Last Friday, we shared a little post about St. Claude de la Colombiere and asked for suggestions about why he might be named the patron saint of toy makers. A tip of the hat ... er, veil that is, to an anonymous commenter who reported:
"It seems St. Claude may be the patron of toy makers because making toys was one of the primary occupations of the region in which he lived and preached .... Through the gift of the Internet we have a chance to see a book from the Harvard University collection, published in 1904 by a Mrs. Arthur (Nancy) Bell, titled Lives and Legends of the English Bishops and Kings, Medieval Monks and other Later Saints. In a chapter on symbols in Christian art, she notes that St. Claude often is depicted with a whistle because he ministered to a community of whistle-and-toy makers. "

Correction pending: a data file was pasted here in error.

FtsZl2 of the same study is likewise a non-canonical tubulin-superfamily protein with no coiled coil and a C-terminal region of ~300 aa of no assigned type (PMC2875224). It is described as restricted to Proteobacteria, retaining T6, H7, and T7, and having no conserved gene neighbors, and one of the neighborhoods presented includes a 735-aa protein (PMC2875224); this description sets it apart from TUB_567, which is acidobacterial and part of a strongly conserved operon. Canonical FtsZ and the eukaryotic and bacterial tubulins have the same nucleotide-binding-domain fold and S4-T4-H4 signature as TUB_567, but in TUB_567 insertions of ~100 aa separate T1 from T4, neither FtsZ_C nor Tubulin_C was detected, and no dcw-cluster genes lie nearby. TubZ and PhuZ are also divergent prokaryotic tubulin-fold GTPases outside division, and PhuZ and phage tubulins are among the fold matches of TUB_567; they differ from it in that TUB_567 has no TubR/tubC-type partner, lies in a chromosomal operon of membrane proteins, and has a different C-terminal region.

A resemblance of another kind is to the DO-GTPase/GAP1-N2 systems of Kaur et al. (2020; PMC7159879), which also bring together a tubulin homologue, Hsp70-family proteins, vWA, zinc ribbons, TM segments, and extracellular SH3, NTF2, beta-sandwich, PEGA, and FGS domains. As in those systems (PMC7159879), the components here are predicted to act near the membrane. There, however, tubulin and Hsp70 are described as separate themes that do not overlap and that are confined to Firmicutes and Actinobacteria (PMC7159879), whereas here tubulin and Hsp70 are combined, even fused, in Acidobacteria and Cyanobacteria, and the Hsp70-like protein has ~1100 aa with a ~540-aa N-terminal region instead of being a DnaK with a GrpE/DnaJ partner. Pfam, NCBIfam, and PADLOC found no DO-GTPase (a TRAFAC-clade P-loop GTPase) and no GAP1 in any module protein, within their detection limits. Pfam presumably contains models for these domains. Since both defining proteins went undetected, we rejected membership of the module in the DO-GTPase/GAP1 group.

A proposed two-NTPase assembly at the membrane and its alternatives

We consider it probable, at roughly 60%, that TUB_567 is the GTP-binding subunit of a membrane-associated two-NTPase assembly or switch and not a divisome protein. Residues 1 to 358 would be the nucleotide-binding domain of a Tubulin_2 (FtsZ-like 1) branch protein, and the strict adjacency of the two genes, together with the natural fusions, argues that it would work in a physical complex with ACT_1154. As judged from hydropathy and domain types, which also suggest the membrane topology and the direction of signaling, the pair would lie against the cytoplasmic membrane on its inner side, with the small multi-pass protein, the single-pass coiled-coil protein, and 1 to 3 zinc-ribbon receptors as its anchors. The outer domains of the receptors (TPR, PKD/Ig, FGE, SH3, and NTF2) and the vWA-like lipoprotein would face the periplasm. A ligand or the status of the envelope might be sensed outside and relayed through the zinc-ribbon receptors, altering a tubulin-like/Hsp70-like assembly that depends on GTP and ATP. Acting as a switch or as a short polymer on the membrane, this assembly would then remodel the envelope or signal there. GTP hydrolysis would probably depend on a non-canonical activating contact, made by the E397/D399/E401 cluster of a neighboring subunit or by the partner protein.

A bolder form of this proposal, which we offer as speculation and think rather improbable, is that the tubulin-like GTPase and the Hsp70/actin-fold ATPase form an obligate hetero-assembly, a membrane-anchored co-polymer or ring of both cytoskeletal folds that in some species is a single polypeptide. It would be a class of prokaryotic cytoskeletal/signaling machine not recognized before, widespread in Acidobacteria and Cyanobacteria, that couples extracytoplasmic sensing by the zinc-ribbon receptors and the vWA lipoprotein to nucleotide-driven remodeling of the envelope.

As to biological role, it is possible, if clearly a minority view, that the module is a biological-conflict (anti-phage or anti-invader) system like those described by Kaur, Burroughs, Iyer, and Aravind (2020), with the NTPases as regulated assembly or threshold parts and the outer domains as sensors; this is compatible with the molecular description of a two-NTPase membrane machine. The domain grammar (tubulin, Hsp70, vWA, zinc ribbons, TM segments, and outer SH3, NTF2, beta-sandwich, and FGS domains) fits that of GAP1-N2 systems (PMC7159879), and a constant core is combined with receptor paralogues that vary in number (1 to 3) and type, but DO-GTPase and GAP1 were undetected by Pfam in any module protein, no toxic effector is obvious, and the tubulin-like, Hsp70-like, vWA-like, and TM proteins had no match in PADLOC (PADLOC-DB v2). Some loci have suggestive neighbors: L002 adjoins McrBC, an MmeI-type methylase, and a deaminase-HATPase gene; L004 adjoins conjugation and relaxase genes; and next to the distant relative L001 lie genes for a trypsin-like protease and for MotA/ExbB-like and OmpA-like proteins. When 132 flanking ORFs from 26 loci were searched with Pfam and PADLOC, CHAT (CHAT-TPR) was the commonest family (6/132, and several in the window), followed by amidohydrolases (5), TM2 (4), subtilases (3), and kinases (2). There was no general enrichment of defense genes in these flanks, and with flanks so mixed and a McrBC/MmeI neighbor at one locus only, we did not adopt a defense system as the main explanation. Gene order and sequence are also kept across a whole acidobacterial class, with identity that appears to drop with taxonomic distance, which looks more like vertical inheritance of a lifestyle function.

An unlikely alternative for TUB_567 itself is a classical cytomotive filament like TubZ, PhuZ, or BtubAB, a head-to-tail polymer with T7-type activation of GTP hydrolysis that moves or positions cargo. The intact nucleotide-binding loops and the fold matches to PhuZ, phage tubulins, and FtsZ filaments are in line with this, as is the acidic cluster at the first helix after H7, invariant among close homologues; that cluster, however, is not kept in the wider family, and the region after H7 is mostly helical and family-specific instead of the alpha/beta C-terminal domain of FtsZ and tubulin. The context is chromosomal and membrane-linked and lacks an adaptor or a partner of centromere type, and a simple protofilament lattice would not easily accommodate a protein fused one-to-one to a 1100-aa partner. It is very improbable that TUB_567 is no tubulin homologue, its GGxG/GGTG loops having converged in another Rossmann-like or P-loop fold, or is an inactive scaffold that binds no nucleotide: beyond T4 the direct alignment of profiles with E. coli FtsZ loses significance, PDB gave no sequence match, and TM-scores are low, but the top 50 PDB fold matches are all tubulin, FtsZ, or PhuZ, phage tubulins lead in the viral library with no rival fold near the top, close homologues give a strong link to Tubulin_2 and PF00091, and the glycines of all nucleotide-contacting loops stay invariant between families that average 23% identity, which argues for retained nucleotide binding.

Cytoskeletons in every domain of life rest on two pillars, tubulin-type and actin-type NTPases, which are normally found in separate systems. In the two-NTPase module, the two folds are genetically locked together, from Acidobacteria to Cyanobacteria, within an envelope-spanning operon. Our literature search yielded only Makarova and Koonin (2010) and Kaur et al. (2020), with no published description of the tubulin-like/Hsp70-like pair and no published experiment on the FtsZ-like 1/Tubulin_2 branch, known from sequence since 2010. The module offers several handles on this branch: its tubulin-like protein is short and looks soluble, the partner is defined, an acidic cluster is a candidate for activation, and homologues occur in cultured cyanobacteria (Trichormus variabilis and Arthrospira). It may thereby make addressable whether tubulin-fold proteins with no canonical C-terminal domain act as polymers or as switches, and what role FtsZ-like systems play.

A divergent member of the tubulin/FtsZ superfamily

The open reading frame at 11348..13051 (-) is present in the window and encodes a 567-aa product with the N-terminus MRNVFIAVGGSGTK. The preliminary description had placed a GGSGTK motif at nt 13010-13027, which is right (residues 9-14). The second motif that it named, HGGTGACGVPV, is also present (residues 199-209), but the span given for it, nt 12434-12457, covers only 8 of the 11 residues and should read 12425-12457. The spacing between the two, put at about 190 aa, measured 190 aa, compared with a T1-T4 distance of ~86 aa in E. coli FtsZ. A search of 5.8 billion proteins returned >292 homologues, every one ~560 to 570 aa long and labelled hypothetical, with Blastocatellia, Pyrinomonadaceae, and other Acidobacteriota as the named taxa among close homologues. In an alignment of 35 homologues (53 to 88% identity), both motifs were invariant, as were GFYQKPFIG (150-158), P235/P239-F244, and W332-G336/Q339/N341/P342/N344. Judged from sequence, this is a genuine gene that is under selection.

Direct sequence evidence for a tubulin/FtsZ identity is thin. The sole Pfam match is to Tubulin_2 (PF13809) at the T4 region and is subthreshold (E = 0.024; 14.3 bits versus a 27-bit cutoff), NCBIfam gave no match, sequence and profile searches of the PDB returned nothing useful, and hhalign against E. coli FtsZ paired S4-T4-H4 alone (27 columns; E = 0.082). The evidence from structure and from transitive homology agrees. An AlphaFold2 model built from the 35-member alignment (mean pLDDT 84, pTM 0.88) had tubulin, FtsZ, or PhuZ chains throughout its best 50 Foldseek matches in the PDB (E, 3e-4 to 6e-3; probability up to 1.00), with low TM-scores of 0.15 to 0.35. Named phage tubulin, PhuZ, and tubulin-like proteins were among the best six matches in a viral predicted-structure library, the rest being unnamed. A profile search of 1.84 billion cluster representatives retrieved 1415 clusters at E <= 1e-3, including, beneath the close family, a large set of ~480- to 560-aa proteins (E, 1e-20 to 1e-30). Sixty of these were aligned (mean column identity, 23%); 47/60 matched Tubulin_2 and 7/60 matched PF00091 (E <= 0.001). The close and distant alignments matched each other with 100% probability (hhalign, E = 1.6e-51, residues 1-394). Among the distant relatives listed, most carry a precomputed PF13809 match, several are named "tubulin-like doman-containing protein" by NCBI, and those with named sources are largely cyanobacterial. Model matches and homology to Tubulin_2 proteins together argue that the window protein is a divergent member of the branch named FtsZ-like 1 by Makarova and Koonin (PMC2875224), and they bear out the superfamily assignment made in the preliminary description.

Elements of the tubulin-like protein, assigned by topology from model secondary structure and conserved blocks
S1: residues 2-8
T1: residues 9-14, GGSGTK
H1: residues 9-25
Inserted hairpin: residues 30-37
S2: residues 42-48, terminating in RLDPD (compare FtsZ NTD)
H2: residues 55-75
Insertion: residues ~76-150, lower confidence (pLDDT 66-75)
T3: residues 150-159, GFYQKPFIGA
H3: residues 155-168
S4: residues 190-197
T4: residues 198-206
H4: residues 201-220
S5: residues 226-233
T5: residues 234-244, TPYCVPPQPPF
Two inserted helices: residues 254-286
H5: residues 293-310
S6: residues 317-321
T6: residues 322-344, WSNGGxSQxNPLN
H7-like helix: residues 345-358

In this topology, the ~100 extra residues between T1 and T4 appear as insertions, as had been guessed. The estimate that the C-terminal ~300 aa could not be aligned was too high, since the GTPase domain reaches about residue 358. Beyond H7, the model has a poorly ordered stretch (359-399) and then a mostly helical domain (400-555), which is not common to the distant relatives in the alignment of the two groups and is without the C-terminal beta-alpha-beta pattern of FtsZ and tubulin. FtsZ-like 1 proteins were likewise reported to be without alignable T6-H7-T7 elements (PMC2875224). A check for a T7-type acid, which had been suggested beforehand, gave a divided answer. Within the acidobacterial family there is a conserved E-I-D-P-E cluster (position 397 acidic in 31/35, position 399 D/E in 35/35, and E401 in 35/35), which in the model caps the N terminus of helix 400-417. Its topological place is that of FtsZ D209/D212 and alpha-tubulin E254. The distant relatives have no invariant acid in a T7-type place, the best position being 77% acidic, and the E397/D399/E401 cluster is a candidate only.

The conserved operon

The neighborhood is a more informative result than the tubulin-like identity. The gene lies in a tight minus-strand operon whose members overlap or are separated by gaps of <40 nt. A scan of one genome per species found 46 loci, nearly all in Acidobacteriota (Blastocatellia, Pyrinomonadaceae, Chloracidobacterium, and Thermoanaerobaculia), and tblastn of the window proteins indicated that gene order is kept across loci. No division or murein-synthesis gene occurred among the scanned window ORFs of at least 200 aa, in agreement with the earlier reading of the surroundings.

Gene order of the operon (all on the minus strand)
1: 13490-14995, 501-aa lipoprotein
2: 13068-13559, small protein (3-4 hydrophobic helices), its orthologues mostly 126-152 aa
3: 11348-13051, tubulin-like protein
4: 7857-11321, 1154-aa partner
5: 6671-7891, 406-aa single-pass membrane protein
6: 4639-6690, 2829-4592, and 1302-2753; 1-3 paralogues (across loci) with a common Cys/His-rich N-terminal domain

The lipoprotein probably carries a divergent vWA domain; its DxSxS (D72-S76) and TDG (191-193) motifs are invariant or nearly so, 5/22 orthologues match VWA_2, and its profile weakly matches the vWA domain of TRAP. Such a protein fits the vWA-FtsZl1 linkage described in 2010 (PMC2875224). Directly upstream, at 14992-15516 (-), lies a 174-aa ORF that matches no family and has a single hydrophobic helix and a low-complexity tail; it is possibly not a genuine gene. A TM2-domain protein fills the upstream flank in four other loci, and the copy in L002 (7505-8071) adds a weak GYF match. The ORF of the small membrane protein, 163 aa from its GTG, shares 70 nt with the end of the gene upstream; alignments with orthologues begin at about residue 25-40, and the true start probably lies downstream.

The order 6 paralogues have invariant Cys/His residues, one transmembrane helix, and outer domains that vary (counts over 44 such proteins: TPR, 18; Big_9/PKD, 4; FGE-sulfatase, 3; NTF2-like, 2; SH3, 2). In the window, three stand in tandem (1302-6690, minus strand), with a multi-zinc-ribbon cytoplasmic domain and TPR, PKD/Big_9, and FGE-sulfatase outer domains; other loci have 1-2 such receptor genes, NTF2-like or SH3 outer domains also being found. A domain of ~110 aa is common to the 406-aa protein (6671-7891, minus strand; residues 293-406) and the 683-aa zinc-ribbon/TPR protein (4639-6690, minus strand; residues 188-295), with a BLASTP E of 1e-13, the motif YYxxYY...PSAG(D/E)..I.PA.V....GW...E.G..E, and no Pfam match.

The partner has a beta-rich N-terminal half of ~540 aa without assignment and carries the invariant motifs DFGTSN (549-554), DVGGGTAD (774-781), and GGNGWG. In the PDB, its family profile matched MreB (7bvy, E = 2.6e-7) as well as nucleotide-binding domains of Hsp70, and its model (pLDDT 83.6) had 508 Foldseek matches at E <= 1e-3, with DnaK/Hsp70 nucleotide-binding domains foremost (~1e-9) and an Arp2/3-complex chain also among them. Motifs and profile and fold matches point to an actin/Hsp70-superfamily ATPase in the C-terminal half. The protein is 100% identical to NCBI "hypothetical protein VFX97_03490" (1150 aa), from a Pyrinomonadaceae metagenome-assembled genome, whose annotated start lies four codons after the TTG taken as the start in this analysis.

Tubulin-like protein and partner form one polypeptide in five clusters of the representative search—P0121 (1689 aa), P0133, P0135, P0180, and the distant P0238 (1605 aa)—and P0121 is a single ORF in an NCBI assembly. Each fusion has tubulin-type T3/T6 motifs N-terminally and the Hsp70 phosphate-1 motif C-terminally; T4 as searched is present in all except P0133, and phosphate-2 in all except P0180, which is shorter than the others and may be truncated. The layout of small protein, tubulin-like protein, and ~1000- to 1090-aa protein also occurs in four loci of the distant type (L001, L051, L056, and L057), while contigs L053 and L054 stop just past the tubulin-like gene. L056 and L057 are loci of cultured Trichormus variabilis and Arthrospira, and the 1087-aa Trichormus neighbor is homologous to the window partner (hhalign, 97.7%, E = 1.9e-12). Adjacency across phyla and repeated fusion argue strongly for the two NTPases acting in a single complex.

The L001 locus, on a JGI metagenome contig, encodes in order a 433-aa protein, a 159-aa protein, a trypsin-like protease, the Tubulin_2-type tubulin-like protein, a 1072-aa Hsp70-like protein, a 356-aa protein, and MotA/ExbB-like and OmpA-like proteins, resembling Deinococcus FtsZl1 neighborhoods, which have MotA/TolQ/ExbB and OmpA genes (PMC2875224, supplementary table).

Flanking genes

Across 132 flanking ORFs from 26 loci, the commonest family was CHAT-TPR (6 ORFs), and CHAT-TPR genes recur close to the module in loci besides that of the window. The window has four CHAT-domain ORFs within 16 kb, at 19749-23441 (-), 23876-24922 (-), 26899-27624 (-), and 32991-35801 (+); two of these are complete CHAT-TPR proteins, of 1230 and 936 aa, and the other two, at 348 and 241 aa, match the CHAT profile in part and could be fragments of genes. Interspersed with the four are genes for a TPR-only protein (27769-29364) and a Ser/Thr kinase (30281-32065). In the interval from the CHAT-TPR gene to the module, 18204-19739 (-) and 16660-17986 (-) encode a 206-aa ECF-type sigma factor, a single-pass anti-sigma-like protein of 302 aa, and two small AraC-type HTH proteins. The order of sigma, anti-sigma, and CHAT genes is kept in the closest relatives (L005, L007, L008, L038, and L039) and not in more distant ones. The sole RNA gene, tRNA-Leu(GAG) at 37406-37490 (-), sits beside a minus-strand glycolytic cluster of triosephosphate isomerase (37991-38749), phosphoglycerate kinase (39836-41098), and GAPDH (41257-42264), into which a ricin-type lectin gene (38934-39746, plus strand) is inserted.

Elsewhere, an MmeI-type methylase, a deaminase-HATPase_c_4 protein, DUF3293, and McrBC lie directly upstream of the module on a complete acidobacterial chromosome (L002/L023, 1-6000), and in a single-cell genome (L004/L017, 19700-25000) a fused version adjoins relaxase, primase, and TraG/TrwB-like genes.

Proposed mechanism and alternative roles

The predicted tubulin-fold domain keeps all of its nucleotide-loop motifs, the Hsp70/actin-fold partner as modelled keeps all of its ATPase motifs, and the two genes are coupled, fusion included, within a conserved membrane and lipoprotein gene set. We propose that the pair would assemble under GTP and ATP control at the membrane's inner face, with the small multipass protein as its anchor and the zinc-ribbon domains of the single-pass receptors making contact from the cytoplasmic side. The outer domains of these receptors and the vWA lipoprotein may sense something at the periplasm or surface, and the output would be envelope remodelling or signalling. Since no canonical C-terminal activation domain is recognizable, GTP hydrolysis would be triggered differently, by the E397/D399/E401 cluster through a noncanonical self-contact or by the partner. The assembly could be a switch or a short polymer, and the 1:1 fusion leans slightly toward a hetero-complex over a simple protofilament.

Bravo, kind reader, for your investigative skills. "The Red Pen" also posed this question to his audience and received a similar response. In addition, The Red Pen received a comment noting that the sort of whistles which were being made in St. Claude's native region were not the kind of whistles that we might see around the necks of piebald referees at our students' sporting events. (A new image of a "pied piper" ... though far more innocuous!) He provided a link to a short (but interesting) history of whistles.